NEB Inspectors arrived at the Bethune Pump Station at 8:50 am. Upon arrival at the station NEB Inspectors, Enbridge staff, and Mastec employees met for a site specific safety orientation and signed off on required documentation. The Bethune Pump Station is located within Spread 4. The Bethune Pump Station expansion consists of the addition of a pump house, electric unit, and Line 3 main pipeline.
During the site specific safety orientation the following topics were discussed:

  1. Muster point and evacuation procedure.
  2. Stay clear of moving equipment.
  3. Wind sock locations and indication.
  4. NEB Inspectors were informed that a work permit would be completed specifically for the NEB inspection.
Once the safety orientation was complete, the NEB inspectors were provided with the following information:
  1. The Bethune Pump Station is the first of 9 pump stations to be built and is currently at the civil stage of construction. Steel cages to support the concrete stages have been installed. The concrete stages are intended for the building and pump foundations.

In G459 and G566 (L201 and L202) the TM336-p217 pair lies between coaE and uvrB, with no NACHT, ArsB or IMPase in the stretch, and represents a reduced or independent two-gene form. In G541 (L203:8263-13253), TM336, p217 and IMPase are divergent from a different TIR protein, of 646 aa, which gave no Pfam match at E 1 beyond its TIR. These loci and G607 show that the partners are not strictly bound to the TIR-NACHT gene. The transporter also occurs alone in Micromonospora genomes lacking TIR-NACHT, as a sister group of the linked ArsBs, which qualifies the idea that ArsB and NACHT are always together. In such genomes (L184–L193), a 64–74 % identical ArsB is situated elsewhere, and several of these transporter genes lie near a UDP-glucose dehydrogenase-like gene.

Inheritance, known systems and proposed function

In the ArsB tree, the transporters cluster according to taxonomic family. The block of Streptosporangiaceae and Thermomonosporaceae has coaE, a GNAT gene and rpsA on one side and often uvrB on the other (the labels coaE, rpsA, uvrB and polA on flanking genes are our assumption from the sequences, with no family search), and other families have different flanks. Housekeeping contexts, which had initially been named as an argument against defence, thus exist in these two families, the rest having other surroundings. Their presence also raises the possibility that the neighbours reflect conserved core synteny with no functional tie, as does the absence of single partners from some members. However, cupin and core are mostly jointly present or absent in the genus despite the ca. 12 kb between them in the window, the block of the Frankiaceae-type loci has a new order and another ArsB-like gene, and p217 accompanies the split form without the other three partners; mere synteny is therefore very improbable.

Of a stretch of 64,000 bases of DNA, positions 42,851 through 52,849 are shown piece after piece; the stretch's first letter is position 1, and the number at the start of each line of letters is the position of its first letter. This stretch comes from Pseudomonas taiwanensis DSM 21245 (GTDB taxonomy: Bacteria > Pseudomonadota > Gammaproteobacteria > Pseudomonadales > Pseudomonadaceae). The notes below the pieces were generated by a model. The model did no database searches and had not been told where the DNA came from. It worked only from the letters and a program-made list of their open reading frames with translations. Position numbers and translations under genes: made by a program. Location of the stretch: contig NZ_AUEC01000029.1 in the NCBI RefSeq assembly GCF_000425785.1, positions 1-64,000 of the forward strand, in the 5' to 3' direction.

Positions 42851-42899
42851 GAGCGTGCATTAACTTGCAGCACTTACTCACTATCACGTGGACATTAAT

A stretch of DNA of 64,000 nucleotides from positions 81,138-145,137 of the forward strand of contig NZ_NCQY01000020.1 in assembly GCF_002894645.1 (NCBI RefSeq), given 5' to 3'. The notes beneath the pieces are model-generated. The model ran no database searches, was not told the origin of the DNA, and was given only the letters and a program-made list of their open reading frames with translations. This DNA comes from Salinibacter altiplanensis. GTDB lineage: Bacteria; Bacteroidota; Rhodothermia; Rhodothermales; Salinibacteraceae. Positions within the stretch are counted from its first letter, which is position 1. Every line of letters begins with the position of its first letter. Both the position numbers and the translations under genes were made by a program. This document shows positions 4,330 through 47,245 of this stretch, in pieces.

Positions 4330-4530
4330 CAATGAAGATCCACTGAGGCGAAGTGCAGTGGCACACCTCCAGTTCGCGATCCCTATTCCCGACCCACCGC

2. A total of three pumps will be placed in a pump building for the new Line 3.
  3. The substation will be upgraded.
  4. The following existing Enbridge lines run through the station:
    1. Line 1
    2. Line 2
    3. Line 3
    4. Line 4
    5. Line 13
    6. Line 67
Note: Line 13 is the only line that is not associated with pump units at this station.
  1. Helical pile installation had already been completed prior to the inspection. Helical piles are used as the foundation system to support the pump station, the electrical components and the pipeline where it is located above grade. NEB Inspectors requested the as-built documentation and the construction drawings for comparison purposes. Upon reviewing the documentation, the following topics were discussed:
    1. NEB Inspectors enquired if the piles were driven to the design depth and was informed by the Mastec representative that some of the pile did not reach the required minimum depth of embedment.
    2. Within the piling records, it was noted that, at some locations, the minimum depth of embedment was not achieved however the torque obtained during pile driving exceeded the required torque.